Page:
The PC(USA)’s top ecumenist touches on the highlights of the World Council of Churches’ 11th Assembly

Among the most meaningful in Dr. Dianna Wright’s list is a service recognizing the life and work of her legendary predecessor, the Rev. Robina Winbush

by Mike Ferguson | Presbyterian News Service

Dr. Dianna Wright

LOUISVILLE — Amidst the wrap-up of the 11th Assembly of the World Council of Churches Thursday, Dr. Dianna Wright took the time to reflect on the gathering in Karlsruhe, Germany, of 352 member churches.

Wright, the director of ecumenical relations in the Office of the General Assembly, said that among the most meaningful events at the Assembly was the recognition of the life and work of her predecessor, the Rev. Robina Winbush, who died in 2019. The Pan African Women Empowerment Network led the time of remembrance for Winbush, whom Wright noted was involved in the creation of the WCC’s 9th Assembly held in 1998 in Harare, Zimbabwe.

Wright also listed worship, “powerful voices” speaking during plenary and “youth working as stewards yet insisting that they be heard” as other significant occurrences during the Assembly.

Participants in the 11th Assembly, which began Aug. 31 and includes three delegates (Wright, the Rev. Amantha Barbee and the Rev. Dr. Neal Presa) from the Presbyterian Church (U.S.A.), “are anxious to get their issues before the Assembly,” Wright noted in an email. When they’re not meeting formally, attendees are enjoying “great fellowship … around coffee, the table and in Brunnens (workshops),” Wright said.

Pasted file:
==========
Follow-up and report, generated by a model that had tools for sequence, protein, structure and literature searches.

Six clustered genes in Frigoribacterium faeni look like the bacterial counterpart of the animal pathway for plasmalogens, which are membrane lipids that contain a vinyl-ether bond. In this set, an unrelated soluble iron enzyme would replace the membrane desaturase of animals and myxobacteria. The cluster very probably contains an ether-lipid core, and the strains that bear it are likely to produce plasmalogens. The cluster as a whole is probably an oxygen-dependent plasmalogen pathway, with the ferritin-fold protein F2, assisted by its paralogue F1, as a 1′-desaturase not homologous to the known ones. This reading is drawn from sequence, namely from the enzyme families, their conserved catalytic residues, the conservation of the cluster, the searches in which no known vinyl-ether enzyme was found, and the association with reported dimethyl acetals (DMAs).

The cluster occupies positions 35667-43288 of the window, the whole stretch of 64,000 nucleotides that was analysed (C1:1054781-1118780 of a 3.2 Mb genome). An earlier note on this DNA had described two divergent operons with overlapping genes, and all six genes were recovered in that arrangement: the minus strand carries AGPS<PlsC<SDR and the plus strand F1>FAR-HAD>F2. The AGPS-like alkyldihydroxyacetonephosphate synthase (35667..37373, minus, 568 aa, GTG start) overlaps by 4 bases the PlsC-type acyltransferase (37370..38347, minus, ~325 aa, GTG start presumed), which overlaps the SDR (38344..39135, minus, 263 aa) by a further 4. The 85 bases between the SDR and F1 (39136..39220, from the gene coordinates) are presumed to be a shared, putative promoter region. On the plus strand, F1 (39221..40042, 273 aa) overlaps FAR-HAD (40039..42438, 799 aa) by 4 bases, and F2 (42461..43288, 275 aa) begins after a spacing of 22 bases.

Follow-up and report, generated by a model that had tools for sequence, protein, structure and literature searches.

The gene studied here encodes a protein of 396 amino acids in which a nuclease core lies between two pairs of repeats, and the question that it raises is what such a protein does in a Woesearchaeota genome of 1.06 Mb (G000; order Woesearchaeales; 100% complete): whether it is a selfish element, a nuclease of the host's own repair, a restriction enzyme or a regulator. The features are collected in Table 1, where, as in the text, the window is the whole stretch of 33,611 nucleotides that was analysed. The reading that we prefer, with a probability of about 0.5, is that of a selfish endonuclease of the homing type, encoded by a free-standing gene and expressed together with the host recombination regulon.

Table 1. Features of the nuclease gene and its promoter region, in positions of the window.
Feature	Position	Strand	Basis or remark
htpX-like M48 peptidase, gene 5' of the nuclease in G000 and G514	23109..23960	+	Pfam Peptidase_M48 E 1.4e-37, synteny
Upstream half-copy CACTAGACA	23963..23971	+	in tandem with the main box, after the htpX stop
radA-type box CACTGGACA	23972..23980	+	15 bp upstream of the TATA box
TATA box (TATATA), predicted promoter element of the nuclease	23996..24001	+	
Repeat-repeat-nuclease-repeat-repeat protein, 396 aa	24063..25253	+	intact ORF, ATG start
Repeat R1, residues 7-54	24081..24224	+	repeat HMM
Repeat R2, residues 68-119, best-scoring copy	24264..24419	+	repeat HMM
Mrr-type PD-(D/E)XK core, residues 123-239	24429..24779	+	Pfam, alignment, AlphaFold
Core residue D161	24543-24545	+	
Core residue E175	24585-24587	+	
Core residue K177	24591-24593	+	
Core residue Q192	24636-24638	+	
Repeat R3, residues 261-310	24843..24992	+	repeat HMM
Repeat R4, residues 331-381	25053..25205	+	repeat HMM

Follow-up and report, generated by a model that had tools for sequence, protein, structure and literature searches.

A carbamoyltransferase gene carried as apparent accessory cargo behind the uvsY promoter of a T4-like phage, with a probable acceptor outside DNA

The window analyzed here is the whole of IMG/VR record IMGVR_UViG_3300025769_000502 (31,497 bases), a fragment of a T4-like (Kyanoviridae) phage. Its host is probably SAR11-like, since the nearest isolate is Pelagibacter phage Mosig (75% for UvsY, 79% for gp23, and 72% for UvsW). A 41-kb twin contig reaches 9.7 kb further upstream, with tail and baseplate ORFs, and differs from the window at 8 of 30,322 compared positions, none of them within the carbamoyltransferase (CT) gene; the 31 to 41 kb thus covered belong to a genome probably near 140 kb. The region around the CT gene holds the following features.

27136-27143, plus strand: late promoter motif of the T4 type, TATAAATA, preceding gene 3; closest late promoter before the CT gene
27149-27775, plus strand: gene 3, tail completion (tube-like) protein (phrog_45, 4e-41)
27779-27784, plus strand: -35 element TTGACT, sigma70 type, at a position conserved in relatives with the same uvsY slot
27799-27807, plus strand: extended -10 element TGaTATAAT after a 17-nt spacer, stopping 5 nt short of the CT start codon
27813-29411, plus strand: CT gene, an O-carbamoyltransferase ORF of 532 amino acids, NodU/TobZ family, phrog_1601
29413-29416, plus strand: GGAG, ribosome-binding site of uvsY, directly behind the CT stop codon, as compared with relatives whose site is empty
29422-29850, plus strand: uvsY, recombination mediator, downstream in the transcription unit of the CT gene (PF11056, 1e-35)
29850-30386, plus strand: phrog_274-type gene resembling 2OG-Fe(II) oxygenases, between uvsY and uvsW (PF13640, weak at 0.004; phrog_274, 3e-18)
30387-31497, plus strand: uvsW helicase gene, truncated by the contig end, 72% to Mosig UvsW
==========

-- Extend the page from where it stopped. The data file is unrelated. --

The challenges in holding such a large and diverse gathering are of course enormous. Wright cited three common in large events: getting through a packed agenda, responding to concerns about inclusion, and “the confusing process” itself for getting business done. In addition, the WCC Central Committee was “challenged to view issues that could have been inclusive of similar needs in other places around the world. Much focus was on Europe to the neglect of the same violence happening in every region of the WCC,” Wright said. “I hope the moderator (Dr. Agnes Abuom of Kenya) is correct in that the Central Committee can still discern how we respond and encourage us to work on behalf of suffering people in places like Lebanon, Myanmar, South America, South Sudan, etc.”

Asked to name the most powerful moments during the Assembly, Wright identified “the insistence of the young people that the WCC hears their voices and includes them in the life and witness of the WCC and the Assembly.” In addition, Wright affirmed that “the solutions to our issues are in our Indigenous communities.”

Finally, in response to being asked ways to bring back what delegates have learned and experienced to the ecumenical work of the Office of the General Assembly, Wright had a three-part answer:

  • “Discern the ways we reach youth as we help the church respond to the referrals from [the 225th] General Assembly and do our book study, ‘Grassroots Ecumenism.’”
  • Join “the WCC Central Committee and communities around the world to give the climate emergency the priority attention that a crisis of such unprecedented and all-encompassing dimensions deserves,” Wright said. The work will be done in both “word and deed” by amplifying “our efforts to demand the necessary action by our church and governments within the necessary timeframe to limit global warming to 1.5 degrees C. and to meet historic responsibilities to poorer, more vulnerable nations and communities.”
  • “Review the decisions and recommendations” so “we can encourage the agencies of the church to review and include” them in their work.

On Wednesday, the Rev. Dr. Neal Presa, Moderator of the 220th General Assembly (2012), was elected among the 150 members of the WCC’s Central Committee. Presa is Associate Director of Doctoral Studies and Visiting Associate Professor of Preaching at New Brunswick Theological Seminary in New Brunswick, New Jersey.

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